“It’s a little bit old-school with working out and hockey,” Stoppel agrees. “It’s important for them to have the physical part because we know that can help prevent injuries, so when we get players into the club when they are 15 years old, we’ll check on the physical aspect and have a program for the players to start building on that right away.”
At the end of the day, keeping the players on the ice as much as they are at those ages is a huge separator from their competition in the draft.
KG Stoppel has seen it all at Djurgårdens.
He joined the club as a U16 coach in October 1991 and has been with the club ever since, rising the ranks to Development Manager, Operations Manager, Director of Hockey Operations and now General Manager – a post he has held for over a year.
The changes he’s seen would be an article on its own, but he says something has come around recently that stands out.
“We’ve always tried to work to develop really good team players,” Stoppel begins. “In the last 10-15 years, there’s a lot more individual focus, with different people looking to make money to work with kids.”
It’s been huge business, according to Stoppel, and that means there are a lot more people involved with each player, especially when they are top prospects.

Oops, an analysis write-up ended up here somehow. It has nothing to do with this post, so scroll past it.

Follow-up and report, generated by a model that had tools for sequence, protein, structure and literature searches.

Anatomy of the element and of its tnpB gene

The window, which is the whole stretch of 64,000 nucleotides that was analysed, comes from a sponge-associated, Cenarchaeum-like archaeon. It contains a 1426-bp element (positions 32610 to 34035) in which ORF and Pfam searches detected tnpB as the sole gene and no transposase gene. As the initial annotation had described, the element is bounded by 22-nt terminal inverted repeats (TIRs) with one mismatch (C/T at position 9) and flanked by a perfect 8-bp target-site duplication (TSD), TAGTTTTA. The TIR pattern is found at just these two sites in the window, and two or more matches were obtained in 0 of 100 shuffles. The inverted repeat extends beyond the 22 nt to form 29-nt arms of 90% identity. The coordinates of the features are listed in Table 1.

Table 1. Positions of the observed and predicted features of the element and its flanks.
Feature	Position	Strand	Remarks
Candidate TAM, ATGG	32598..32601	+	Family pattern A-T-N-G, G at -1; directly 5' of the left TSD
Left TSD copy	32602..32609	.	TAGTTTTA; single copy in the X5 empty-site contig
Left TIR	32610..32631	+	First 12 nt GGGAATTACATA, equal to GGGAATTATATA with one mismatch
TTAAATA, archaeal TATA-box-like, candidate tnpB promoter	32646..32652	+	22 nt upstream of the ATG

“In the end, I think it’s important for the player to hear the same thing from all different parties,” Stoppel proclaims. “The worst thing for everyone is if an agent is saying one thing, the club is saying a different thing and their personal trainer is saying a third thing.”
Stoppel says the dialogue with the players and his environment is really, really important.
“In the end, to have good cooperation between the clubs, the coaches and the players, we have to share ideals that are pretty close,” Stoppel exclaims. “If the distance between the coach’s and the player’s pictures are too big is going to be very difficult to find the cooperation and that’s where things break down.”
“That’s the easiest way to fail is when the pictures are too far apart.”
Stoppel has had a key hand in developing the philosophy of the Djurgårdens program, one that he believes is not just about skating and skill.
“Every player these days has that,” Stoppel says poignantly. “We work a lot with core skills, but also the individual IQ, to help them understand the game because in the end, that’s the most important thing to be a good hockey player.”